• The chairman of the CPA only since last October, Tyrone Carlin, who is also the University of Sydney’s deputy vice-chancellor, eventually told CPA members that he was stepping down from the CPA board – whose directors received $1.87 million in fees last year.
  • Mr Carlin, who previously twice refused to disclose the salary of key executives at the CPA annual general meeting in Singapore, earned $184,166 as chairman last year and a further $70,000 as chairman of CPA’s new financial advice arm which remains unproven – and which in turn is thought to conflict with the CPA’s need to be independent in terms of advice.
  • “With new directors coming on board and in the spirit of renewal I am taking the opportunity to step down from the board a few months earlier than anticipated,” Mr Carlin said in a statement – handing over to his deputy, Jim Dickson, who received $133,630 from CPA in fees last year.
  • Interestingly CPA board members used to work for free, or for a stipend paid straight to their employer – before the constitution was changed by a series of special resolutions so that members no longer directly elected the board, and directors’ terms could be extended beyond a six-year maximum.

August 2017

  • CPA Australia’s remaining board members faced a grilling before the powerful Australian Parliament’s Senate Economics Committee.
  • Key points:
    • The CPA Australia debacle prompted a senate inquiry to improve corporate governance across all businesses.
    • Issue centres on board transparency with members and shareholders.
    • Despite pressure, CPA was still blocking moves to communicate with disaffected members.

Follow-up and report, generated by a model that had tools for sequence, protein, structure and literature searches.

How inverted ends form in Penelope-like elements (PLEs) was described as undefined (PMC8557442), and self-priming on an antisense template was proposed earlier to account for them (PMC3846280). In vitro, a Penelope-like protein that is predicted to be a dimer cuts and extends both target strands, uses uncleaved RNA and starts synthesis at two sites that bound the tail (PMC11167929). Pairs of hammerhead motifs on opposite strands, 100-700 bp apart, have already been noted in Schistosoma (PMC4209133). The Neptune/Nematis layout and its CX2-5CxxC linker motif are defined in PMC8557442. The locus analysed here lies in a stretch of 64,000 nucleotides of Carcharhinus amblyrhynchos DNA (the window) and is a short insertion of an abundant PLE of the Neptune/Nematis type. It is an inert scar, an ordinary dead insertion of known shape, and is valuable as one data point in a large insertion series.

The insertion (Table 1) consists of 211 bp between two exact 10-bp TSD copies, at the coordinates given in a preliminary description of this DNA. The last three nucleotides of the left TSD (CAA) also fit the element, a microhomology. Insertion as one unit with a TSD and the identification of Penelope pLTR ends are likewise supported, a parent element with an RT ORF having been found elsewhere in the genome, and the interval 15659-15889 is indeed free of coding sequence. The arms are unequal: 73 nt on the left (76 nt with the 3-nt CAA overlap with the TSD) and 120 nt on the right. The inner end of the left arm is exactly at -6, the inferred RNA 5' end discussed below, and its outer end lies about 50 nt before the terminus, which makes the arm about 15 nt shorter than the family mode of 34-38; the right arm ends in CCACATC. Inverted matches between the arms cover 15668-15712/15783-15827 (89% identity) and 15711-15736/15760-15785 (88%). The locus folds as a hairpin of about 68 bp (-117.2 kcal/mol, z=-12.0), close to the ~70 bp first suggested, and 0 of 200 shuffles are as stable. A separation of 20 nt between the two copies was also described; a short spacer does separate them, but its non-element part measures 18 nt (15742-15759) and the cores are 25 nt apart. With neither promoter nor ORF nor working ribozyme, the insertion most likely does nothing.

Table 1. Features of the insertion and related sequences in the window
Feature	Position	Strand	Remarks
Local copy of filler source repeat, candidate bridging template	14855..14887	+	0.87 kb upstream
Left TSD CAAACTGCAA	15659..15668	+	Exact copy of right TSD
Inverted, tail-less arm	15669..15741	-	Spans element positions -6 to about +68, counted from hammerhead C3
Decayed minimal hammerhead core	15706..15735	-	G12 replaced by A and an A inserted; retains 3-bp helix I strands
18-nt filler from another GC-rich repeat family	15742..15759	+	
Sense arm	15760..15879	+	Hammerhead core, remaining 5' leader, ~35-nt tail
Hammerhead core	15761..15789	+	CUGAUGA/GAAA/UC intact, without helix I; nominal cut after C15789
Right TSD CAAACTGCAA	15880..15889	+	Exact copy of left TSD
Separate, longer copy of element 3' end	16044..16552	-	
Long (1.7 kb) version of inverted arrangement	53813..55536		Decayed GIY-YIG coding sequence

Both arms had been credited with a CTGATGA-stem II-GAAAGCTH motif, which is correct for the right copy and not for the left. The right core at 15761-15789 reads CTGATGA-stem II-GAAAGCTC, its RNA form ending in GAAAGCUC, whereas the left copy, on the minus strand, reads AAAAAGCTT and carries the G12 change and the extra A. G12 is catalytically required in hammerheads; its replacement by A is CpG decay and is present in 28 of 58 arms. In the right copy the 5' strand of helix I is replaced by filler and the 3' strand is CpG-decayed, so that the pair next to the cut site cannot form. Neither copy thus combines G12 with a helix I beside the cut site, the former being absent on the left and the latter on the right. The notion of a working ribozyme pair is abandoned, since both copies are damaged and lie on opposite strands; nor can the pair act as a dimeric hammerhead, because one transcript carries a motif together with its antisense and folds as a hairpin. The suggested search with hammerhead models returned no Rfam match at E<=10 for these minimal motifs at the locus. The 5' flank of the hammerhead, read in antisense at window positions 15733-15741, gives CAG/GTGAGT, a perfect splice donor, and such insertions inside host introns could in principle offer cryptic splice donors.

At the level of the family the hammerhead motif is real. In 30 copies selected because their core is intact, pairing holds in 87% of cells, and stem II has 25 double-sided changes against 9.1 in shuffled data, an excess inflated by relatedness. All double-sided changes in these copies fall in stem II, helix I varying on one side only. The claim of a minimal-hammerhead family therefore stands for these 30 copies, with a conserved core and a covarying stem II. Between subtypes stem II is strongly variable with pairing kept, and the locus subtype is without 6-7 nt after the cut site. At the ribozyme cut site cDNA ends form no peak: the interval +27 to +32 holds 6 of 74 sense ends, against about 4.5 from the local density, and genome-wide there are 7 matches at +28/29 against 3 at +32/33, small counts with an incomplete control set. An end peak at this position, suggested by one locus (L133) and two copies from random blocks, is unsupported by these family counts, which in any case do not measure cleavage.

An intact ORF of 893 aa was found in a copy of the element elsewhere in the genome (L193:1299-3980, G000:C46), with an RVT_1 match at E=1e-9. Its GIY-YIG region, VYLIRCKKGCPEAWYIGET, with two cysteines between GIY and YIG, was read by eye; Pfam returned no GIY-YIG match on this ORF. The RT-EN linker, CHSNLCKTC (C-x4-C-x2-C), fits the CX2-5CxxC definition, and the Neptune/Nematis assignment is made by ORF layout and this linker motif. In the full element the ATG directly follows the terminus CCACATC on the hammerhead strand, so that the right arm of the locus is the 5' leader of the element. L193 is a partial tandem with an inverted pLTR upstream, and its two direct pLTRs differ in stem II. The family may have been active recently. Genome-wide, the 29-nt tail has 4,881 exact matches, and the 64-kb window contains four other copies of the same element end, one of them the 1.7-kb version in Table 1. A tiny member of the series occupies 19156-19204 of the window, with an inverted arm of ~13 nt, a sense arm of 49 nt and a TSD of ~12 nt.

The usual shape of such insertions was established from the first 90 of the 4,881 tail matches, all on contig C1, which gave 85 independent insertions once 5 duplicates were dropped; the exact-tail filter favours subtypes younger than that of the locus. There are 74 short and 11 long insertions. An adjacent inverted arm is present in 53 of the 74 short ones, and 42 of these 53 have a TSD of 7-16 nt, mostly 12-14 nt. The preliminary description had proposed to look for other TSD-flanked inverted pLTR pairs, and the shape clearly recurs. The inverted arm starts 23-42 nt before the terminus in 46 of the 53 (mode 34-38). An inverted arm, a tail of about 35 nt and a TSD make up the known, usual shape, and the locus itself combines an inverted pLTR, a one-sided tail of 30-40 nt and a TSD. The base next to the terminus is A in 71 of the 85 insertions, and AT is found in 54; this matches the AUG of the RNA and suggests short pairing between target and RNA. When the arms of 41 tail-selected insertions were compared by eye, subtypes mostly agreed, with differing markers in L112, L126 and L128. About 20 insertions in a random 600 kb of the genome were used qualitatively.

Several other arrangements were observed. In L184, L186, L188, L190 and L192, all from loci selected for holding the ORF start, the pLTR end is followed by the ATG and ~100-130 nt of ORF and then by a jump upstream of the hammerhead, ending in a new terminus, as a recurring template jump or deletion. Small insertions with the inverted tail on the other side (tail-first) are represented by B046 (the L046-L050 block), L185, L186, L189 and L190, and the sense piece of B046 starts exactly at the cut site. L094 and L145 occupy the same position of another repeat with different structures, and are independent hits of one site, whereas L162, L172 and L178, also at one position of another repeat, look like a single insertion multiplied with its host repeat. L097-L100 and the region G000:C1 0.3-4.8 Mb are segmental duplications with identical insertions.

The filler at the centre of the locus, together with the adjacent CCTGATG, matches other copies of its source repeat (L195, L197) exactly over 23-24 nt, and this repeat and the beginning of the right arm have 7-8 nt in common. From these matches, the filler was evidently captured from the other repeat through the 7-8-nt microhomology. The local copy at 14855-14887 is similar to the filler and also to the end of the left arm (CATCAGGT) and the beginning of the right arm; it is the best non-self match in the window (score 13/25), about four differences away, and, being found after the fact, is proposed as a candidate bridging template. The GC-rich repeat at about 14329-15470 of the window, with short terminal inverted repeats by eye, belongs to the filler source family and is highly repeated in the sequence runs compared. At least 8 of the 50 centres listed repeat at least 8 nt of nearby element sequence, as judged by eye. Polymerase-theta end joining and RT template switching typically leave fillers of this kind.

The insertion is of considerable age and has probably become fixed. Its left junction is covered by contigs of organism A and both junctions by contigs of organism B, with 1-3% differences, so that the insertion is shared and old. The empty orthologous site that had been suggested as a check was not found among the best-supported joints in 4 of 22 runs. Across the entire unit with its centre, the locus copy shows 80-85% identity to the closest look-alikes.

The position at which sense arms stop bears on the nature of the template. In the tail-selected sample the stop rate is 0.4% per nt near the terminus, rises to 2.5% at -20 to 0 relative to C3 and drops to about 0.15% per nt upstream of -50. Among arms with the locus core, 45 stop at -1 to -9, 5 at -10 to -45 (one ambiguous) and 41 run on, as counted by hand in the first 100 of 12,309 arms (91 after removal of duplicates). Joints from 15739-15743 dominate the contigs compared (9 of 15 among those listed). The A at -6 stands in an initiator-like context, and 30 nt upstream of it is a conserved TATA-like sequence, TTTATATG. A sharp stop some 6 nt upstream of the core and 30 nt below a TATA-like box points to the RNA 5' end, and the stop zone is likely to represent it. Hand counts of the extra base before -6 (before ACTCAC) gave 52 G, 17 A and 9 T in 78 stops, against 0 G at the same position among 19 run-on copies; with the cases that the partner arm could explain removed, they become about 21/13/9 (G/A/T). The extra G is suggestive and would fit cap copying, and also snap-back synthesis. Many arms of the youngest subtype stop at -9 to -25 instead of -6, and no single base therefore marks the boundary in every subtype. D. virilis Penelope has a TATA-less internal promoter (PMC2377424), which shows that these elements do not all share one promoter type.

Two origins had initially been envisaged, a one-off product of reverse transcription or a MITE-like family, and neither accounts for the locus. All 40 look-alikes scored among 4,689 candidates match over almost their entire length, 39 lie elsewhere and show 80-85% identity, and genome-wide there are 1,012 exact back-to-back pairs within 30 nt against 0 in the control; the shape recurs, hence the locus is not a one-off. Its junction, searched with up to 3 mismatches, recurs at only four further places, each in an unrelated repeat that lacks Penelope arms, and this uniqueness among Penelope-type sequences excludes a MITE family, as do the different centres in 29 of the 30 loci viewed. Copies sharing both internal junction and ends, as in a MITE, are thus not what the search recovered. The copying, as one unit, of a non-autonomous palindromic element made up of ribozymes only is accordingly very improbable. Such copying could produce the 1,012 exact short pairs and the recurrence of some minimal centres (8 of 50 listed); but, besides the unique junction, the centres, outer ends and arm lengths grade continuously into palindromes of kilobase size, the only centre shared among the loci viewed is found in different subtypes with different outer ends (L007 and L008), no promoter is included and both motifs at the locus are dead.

• Senior CPA staffers faced a barrage of questions from the committee at a hearing in Sydney, as they were called to explain their lack of communication with CPA members during the organisation’s governance crisis.
    • While reform is the long game for the senators, most of the immediate grilling concerned CPA’s governance crisis.
    • CPA members have started leaving the body and/or transferring to the Chartered Accountants.

September 2017

  • An independent review into the deeply troubled CPA Australia headed by a former federal Auditor-General found:
    • The former chief executive was overpaid.
    • It had lost touch with its members and provided questionable value for money for the services it rendered.
    • The Board and executives were overpaid and Alex Malley’s $4.9m severance payment well above what was considered standard.
    • Interactions between staff and members “not always constructive and respectful.”
  • While much of the interim report had elements of “tell us something we don’t know” for anyone following the implosion of the profile-obsessed professional body, it did make recommendations to overhaul corporate governance and practices.
  • “It is fair to say that, over time, the Board and the then CEO lost touch with a large cohort of the membership of CPA Australia,” the review noted.
  • “When under pressure, the board and CPA Australia has commonly defaulted to the minimum standard of disclosure.
  • “This has occurred in response to significant issues raised by members and the media, rather than giving emphasis to transparency and the likely interests of the membership.”

IN WHAT IS NOW CLEARLY IN THE RUNNING FOR CORPORATE AUSTRALIA’S UNDERSTATEMENT OF THE YEAR, THE REVIEW FOUND

 

                              “THE BOARD COULD HAVE HANDLED THINGS BETTER”

 

by Robin Billen – Managing Partner, Horton International Australia